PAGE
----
Forbes Top 100 Middle East companies vulnerable to email fraud, reports Proofpoint research
Proofpoint in collaboration with its strategic partner Help AG has identified vulnerabilities in Forbes Top 100 Middle East Companies in a recent research conducted by both companies focusing on Domain-based Message Authentication, Reporting & Conformance (DMARC). According to the analysis, almost a third (31 percent) of these companies do not have a DMARC record in place, leaving their customers at risk of email fraud. The lack of a DMARC record makes companies potentially more susceptible to cybercriminals spoofing their identity and increases the risk of email fraud targeting their customers.
Email is, and will continue to be, the initial attack vector of choice for cybercriminals. In fact, recent Proofpoint research on CISOs and CSOs in the UAE illustrated that 15 percent of organizations suffered a phishing attack in 2019, with an additional 15 percent suffering a Business Email Compromise attack.
The research found that only 24 percent of the Top 100 Middle East organisations have implemented ‘reject’, the strictest and recommended level of DMARC protection, leaving 76 percent at risk of subjecting customers to email fraud. In total, 69 percent of the Top 100 Middle East companies have published DMARC records to begin protecting their employees, customers and partners from some forms of email fraud. This means, 31 percent have no policy in place to protect them from domain spoofing.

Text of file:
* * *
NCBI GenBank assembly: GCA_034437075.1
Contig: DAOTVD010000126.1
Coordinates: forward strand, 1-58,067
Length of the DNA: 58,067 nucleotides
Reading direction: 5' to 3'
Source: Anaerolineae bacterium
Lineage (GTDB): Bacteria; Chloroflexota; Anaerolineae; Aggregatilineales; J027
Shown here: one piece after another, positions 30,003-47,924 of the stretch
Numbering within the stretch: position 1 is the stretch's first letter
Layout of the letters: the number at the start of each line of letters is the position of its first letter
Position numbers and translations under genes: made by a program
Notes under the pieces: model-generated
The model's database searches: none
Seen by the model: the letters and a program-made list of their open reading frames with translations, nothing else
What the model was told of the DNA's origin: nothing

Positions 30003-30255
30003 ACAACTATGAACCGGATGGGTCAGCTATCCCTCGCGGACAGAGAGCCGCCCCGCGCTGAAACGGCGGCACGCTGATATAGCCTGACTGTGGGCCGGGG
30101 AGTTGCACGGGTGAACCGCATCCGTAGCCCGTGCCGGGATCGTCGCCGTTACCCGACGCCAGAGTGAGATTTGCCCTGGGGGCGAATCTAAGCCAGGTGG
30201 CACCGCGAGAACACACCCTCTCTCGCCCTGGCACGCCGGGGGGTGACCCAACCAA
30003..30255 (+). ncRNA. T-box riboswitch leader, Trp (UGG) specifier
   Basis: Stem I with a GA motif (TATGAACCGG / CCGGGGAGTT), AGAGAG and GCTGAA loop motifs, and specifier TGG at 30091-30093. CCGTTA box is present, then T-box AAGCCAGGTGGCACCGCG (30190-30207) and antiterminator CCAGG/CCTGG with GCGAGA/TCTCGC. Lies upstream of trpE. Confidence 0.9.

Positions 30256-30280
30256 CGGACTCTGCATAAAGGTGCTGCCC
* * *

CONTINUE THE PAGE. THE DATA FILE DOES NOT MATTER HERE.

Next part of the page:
Some industries lead the charge for the rate of DMARC adoption - 100 percent of logistics companies and 80 percent of banking and financial services providers have published a DMARC record. However, some other industries clearly lag behind - only 50 percent of real estate and construction firms and only 20 percent of companies from the retail sector have started their DMARC journey.
For many organisations, the road to easing email fraud risk is paved with DMARC, an email protocol being adopted globally as the passport control of the email security world. It verifies that the purported domain of the sender has not been impersonated and is designed to protect employees, customers, and partners from cybercriminals looking to impersonate a trusted domain.
“Email fraud continues to provide great returns for cybercriminals and our latest research confirms that it‘s not going away,” said Emile Abou Saleh, regional director of Middle East and Africa for Proofpoint. “As these threats grow in scope and sophistication, it is critical that organisations shore up their defences against email fraud by adopting technology like DMARC to protect their brand against impersonation. Additionally, companies need to ensure they deploy effective security awareness training to educate employees about best practices as well as establish a people-centric strategy to defend against threat actors’ unwavering focus on compromising end users.”